As Mom told the story, I could sense her wonderment. The kindness of a stranger... it was such a small detail in the grand scheme of a child's being, and yet the carnival hand's caring gesture never left her.

I considered Mom's words. I might not be as giant, or giant-hearted as Hefty, but there is that unmistakable oddness, or rather, that awkwardness that amounted, did it not, to no more than self-doubt? 

I began to hope for a genuine gesture, like Hefty's, to somehow surface from deep within me. Maybe in this way my eight-year-old guest and I would enjoy the same simplicity?

"Don't worry," Mom assured. "And what an exciting thing... just think about your visitor and wonder just whom, after all, you are hosting."  Thinking about it that way... perhaps Einstein was coming for the day? Or Victor Hugo, or Gandhi, or some other hero... or hero-in-progress!

When Braden arrived I was as nervous as a bride. "Would you like orange juice? Milk? A pain au chocolat?" Our hero was not so hungry and, after a bite or two, I was wondering what to do? what to do? 

I spotted my camera on the comptoir.... 
"Would you like to take some photos, Braden?" 

DSC_0081
     Braden enjoyed "styling" the subject before taking the pictures.

And—voilàwe were off! The rest of the day I spent in the privileged presence of an artist and visionnaire. As I followed the intrepid ingénu...  I began to notice ordinary things anew! And oh the possibilities... of pairing grapes with flowers and pumpkins and trees!

DSC_0083

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By the end of Braden's stay my narrow world was as wide as the Milky Way. And it's all thanks to Hefty whose heart went out. And to the child he helped, who then pointed the way to me:

"The potential of a child... is as endless as a giant's smile."

 

:: Le Coin Commentaires ::
Corrections, comments, and stories of your own are welcome here, in the comments box.

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            The artist's self portrait. "Looking in" by Braden.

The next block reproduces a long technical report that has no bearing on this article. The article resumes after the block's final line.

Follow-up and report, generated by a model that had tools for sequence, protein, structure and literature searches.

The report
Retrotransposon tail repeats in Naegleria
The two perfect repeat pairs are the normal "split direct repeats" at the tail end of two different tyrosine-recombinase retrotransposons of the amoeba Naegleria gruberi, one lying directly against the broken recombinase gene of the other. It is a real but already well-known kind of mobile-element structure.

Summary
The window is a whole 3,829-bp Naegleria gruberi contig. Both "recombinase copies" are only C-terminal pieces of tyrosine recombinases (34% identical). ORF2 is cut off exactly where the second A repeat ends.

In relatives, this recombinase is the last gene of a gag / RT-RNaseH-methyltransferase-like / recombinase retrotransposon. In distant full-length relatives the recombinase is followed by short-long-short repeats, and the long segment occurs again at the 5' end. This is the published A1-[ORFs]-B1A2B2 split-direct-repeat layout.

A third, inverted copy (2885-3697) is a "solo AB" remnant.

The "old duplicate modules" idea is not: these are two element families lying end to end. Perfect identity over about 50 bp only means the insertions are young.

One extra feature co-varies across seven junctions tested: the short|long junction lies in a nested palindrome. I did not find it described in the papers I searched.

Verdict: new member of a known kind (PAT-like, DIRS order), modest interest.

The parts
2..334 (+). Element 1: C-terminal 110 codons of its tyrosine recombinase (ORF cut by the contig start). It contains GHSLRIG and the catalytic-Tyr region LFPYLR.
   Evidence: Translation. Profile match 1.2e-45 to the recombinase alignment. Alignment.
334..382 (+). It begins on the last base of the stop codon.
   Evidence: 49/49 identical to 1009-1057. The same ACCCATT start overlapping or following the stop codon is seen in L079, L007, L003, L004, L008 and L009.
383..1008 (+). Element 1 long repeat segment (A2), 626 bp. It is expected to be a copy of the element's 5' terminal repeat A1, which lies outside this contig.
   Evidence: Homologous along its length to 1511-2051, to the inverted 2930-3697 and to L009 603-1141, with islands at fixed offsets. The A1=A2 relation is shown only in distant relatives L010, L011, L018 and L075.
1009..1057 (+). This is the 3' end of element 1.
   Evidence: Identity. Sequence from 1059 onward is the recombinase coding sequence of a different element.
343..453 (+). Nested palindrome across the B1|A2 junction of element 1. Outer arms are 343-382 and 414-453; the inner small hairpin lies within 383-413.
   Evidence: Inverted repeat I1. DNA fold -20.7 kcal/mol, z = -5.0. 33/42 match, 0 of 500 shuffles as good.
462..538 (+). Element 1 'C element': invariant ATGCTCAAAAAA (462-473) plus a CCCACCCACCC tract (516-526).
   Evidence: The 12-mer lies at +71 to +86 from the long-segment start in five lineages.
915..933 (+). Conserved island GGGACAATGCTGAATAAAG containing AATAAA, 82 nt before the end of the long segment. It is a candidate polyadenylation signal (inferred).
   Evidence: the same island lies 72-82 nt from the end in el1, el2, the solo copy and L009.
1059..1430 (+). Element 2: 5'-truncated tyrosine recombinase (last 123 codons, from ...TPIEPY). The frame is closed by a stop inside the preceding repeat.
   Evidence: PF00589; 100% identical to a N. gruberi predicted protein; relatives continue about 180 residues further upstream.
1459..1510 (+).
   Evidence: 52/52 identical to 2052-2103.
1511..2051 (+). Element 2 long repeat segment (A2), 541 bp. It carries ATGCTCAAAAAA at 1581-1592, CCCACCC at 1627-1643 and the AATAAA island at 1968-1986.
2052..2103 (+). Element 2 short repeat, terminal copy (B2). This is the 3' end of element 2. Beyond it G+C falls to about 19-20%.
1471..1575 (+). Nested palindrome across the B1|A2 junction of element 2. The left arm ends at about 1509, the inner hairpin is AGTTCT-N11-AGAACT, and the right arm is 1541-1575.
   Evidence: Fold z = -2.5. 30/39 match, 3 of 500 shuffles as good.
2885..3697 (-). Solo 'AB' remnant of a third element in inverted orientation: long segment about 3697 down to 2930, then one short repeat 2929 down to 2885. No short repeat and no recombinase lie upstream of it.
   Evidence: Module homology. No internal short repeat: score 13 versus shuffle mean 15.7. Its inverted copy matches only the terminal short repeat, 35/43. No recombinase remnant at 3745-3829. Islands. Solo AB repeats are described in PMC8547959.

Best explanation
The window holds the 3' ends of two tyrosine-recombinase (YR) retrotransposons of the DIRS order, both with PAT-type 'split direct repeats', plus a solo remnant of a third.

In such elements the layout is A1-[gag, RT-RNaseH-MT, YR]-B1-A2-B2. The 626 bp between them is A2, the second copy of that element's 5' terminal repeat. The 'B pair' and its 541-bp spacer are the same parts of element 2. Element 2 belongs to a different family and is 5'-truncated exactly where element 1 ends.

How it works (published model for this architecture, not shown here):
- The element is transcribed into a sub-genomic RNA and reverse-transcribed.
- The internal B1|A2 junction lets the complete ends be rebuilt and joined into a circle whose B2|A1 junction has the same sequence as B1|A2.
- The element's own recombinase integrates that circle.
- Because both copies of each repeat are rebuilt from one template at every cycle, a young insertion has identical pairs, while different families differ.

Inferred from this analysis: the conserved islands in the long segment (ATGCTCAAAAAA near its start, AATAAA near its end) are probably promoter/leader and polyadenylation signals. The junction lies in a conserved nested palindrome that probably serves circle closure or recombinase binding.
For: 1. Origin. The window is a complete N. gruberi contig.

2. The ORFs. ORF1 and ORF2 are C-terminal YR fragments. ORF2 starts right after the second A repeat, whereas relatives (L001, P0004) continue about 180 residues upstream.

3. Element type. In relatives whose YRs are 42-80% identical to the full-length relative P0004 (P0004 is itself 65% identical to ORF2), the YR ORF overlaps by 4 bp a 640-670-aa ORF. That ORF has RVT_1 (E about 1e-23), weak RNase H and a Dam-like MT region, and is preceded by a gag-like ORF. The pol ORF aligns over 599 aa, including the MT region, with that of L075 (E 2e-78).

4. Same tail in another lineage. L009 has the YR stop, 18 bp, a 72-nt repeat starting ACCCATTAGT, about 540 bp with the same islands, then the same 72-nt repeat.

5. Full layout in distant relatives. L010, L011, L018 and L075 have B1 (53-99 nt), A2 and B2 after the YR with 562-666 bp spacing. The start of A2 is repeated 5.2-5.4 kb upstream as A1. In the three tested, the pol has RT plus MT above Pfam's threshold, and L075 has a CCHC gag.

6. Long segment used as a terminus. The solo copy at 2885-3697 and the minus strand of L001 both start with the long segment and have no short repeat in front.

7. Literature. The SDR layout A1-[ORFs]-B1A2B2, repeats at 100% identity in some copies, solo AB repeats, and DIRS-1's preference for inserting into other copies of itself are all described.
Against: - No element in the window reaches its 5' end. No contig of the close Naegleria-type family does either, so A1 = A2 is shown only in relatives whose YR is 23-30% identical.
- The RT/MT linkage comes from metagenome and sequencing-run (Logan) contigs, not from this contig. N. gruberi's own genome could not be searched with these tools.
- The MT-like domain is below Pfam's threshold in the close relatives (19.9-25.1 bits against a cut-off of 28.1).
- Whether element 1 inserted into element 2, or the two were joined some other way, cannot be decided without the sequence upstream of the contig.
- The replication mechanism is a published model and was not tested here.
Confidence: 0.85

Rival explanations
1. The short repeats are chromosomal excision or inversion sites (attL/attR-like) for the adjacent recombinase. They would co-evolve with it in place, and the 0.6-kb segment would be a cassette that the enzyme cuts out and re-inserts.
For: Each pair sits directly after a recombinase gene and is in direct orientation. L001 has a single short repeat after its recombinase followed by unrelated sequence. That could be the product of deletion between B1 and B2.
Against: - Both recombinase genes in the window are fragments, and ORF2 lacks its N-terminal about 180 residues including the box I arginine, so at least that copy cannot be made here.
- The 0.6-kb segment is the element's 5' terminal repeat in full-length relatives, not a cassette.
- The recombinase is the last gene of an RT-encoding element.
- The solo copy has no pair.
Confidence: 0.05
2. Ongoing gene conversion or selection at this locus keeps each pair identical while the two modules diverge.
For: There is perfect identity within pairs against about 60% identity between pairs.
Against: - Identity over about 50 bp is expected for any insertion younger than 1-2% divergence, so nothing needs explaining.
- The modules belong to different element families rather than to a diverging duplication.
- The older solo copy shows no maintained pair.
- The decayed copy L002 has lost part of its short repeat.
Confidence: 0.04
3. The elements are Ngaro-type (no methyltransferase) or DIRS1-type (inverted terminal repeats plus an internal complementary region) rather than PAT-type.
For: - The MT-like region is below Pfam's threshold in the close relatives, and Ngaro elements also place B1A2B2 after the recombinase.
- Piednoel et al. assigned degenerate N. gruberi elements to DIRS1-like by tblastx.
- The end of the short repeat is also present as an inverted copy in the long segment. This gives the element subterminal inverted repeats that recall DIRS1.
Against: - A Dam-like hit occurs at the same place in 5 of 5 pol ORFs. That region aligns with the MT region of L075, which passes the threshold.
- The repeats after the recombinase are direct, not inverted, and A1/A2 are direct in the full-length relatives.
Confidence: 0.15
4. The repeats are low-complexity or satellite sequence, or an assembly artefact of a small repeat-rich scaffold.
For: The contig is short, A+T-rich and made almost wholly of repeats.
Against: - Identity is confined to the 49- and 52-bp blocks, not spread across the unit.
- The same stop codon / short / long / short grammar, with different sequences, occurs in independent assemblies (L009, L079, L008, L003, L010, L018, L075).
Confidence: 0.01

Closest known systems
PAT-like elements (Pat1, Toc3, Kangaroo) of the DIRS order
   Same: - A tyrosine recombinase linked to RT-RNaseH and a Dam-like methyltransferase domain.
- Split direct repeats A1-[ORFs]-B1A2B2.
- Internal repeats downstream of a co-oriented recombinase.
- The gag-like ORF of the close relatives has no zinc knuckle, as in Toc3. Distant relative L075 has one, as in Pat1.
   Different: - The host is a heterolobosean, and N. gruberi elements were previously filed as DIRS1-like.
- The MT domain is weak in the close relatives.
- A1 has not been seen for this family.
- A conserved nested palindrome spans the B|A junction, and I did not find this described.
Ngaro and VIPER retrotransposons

French Vocabulary

le comptoir* = counter

voilà = just like that! 

*Newforest, whom many of you know via "Le Coin Commentaires" offers these notes:
Originally, "un comptoir" (from the verb "compter") was a table used by a shopkeeper, on which he showed the goods you wanted to buy - he also used that table to count his money which he kept in a drawer. 

Nowadays, "un comptoir" can be found in shops and bars, in banks, post offices, libraries & commercial places.

For a kitchen: "un plan de travail", "une surface de travail" (I heard French people saying "la table de travail" but I believe "un plan de travail is the most common expression) 

*** 

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Thank you, Braden, for a wonderful day! And thanks for taking the photos here.

 Gift Ideas...

Paris Hook PillowHand-hooked, heavyweight 100% wool face. Soft cotton velvet back. Order one here.

 

 

 

Eiffel lamp Eiffel Tower lamp: see the reviews, here.

 

 

 

Pie dish Emile Henry 9-inch Provencal pie dish in cerise red. Order one here.

 

 

 

Shalimar Shalimar Eau de Parfum by Guerlain. Introduced in 1925. Fragrance notes: an alluring, classic fragrance of exotic florals and vanilla. Order here.

 

 

 



Thank you for the time you've spent reading my column. If you have learned more than a little vocabulary here and find yourself looking forward to the next story, please know that ongoing support from readers like you helps me to continue writing and publishing these educational missives from France. Your support is vivement apprécié! Donating via PayPal is easy when you use the links below. Merci infiniment! Kristi
 
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"I’ve really enjoyed reading your stories over the years & hope you will continue to delight us with your beautiful photos and thoughtful & charming antidotes of life in the beautiful south of France."
--Jacqueline

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objectif

Moroccan Woman (c) Kristin Espinasse